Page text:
Following rapid growth across the industry in 2016, the United States solar market added 2,044 megawatts of new capacity in the first quarter of 2017, according to GTM Research and the Solar Energy Industries Association’s (SEIA) latest U.S. Solar Market Insight Report. Q1 was the sixth straight quarter in which more than two gigawatts of solar photovoltaics (PV) and more than one gigawatt of utility-scale PV was installed.

The residential and non-residential PV markets are both expected to experience year-over-year growth, even as the quarterly numbers saw a drop from last year’s record-setting pace, the report said.

“The solar market clearly remains on a strong upward trajectory,” said Abigail Ross Hopper, SEIA’s president and CEO. “Solar is delivering more clean energy, adding jobs 17 times faster than the U.S. economy and creating tens of billions of dollars in investment. With its cost-competitiveness, we know solar will continue to play a growing role in America’s energy portfolio.”

Here’s what to know beneath those big numbers.

1. Utility-scale growth, price declines continue

As installations grow, prices continue to fall to new lows, with utility-scale system prices dropping below the $1 per watt barrier for the first time.

The utility-scale segment continues to drive the market, representing more than half of all PV installed during the quarter. Much of the capacity comes from projects that were originally slated for completion in 2016, but ended up being pushed back due to the extension of the federal Investment Tax Credit. And this entire year is expected to benefit from those “spill-over” projects.

“Utility solar is on the cusp of another boom in procurement,” said Cory Honeyman, GTM Research’s associate director of U.S. solar. “The majority of utility solicitations are focused on maximizing the number of projects that can come online with a 30 percent federal Investment Tax Credit in 2019, or later by leveraging commence construction rules.”

2. Declines in California means declines overall

More than a half-gigawatt of residential PV was installed in the quarter, down 17 percent from the first quarter of last year. Part of the slowdown can be attributed to national installers pulling back operations in unprofitable geographies and customer acquisition challenges in more mature residential state markets like California.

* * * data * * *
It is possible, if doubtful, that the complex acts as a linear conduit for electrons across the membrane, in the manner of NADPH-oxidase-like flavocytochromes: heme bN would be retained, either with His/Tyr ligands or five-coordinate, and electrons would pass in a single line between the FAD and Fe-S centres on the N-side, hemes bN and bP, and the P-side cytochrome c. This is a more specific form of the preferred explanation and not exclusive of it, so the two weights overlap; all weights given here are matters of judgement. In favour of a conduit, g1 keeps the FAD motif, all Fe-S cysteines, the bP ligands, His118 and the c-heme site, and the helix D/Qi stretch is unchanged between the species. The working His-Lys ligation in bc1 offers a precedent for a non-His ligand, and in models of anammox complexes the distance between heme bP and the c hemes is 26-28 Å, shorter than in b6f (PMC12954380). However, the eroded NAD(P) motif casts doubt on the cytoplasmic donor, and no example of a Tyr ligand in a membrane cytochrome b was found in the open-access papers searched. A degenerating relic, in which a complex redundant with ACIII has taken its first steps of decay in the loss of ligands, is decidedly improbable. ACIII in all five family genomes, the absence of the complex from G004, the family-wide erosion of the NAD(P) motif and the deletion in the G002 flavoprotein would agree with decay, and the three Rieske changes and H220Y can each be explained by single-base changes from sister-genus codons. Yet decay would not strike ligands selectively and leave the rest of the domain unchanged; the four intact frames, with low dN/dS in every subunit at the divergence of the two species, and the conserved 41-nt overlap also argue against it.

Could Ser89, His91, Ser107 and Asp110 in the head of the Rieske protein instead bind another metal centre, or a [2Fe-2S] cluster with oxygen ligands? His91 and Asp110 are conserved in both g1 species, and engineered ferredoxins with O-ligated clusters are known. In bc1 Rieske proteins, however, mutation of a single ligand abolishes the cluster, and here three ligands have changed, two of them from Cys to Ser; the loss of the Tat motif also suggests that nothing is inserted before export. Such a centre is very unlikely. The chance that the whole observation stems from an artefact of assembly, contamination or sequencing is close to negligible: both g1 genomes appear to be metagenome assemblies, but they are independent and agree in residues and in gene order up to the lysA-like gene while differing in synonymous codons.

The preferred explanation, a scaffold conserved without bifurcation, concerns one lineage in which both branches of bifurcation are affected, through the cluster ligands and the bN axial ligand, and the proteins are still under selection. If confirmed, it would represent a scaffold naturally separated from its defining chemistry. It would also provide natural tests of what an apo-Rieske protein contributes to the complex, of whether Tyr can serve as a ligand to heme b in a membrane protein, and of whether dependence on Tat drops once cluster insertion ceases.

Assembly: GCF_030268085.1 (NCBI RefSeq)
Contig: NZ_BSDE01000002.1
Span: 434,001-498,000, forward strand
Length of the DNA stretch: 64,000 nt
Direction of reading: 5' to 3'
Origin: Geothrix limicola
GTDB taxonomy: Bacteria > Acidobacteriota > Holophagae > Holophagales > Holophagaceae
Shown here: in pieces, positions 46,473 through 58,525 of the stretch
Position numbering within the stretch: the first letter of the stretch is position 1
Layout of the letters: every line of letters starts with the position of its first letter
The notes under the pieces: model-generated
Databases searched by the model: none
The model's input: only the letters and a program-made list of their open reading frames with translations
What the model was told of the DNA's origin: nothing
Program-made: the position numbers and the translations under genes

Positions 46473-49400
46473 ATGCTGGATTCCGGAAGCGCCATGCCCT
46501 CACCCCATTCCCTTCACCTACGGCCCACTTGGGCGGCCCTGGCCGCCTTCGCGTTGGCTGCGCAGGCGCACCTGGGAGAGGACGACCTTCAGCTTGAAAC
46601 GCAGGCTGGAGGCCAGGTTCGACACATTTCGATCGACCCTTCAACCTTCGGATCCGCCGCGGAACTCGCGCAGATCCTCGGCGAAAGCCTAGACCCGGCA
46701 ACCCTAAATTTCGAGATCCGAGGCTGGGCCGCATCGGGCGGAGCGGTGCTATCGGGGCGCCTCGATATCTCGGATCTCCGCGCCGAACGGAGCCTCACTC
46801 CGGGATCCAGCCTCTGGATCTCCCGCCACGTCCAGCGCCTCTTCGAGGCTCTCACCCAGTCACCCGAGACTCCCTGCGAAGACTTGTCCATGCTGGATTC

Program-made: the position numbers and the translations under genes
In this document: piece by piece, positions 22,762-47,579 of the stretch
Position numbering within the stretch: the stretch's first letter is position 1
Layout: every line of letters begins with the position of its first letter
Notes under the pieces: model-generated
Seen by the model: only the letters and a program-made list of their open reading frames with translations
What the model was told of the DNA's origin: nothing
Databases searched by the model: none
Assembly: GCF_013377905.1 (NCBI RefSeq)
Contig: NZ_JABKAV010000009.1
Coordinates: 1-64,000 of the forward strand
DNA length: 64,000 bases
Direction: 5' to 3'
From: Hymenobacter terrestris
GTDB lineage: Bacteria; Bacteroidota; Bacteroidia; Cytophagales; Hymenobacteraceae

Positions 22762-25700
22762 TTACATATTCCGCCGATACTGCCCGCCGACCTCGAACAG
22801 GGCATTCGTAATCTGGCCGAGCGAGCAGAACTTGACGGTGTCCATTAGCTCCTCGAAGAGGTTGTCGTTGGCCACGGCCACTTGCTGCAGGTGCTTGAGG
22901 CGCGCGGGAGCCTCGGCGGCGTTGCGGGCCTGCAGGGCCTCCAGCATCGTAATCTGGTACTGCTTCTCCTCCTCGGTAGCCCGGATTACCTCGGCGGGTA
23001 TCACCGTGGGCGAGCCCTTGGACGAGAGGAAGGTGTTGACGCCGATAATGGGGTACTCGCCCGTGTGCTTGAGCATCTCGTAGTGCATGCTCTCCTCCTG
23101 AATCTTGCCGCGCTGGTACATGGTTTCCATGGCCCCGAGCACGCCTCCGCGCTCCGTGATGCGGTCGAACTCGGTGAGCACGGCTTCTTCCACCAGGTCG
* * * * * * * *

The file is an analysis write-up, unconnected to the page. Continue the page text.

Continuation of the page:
According to the report, residential PV installations in California will fall year-over-year for the first time this decade. Despite this, California remains the largest state market for residential solar installations.

3. Community solar is saving the non-residential segment

The non-residential solar market—which includes commercial, industrial and community solar installations—grew 29 percent year-over-year, but was down 39 percent from a record high fourth quarter 2016.

The report highlighted Minnesota’s growing community solar market. The state nearly doubled its cumulative community solar deployment in Q1.

Several other states not as well known for their solar markets saw particularly large jumps in installations this quarter, including Idaho and Indiana. Meanwhile, emerging state markets such as Utah, Texas and South Carolina continued their growth.

Read more about that Minnesota community solar boom in our Special Report:

Special Report: How to Make Money in the Midwest

4. None of this matters until the trade dispute is settled

GTM Research forecasts that 12.6 gigawatts will come online in 2017, 10 percent less than 2016’s boom. Total installed U.S. solar PV capacity is expected to nearly triple over the next five years, and by 2022, more than 18 gigawatts of solar PV capacity will be installed annually.

However, downside risk looms over the long-term outlook for U.S. solar, due to a new trade dispute initiated by Suniva.

According to the report, if Suniva’s petition for a minimum silicon PV module price of 78 cents per watt is successful, it could raise system costs between 13 and 35 percent, depending on segment. While it remains unclear how the International Trade Commission will ultimately rule on this petition by Suniva, the approval of the petition as initially filed would result in substantial downside revisions to the GTM Research forecast across all three segments.


— Solar Builder magazine

International Trade Commission to take up Suniva case

ITC suniva petition

The first phase in this fairly quick trade protectionist 201 petition process initiated by Suniva is complete — the International Trade Commission has decided to take the case and will be considering it over the next four months. If it decides there was injury, it has two months to suggest a remedy. Following that, the president has two months to figure the appropriate remedy and he has broad discretion as to what direction to take those remedies.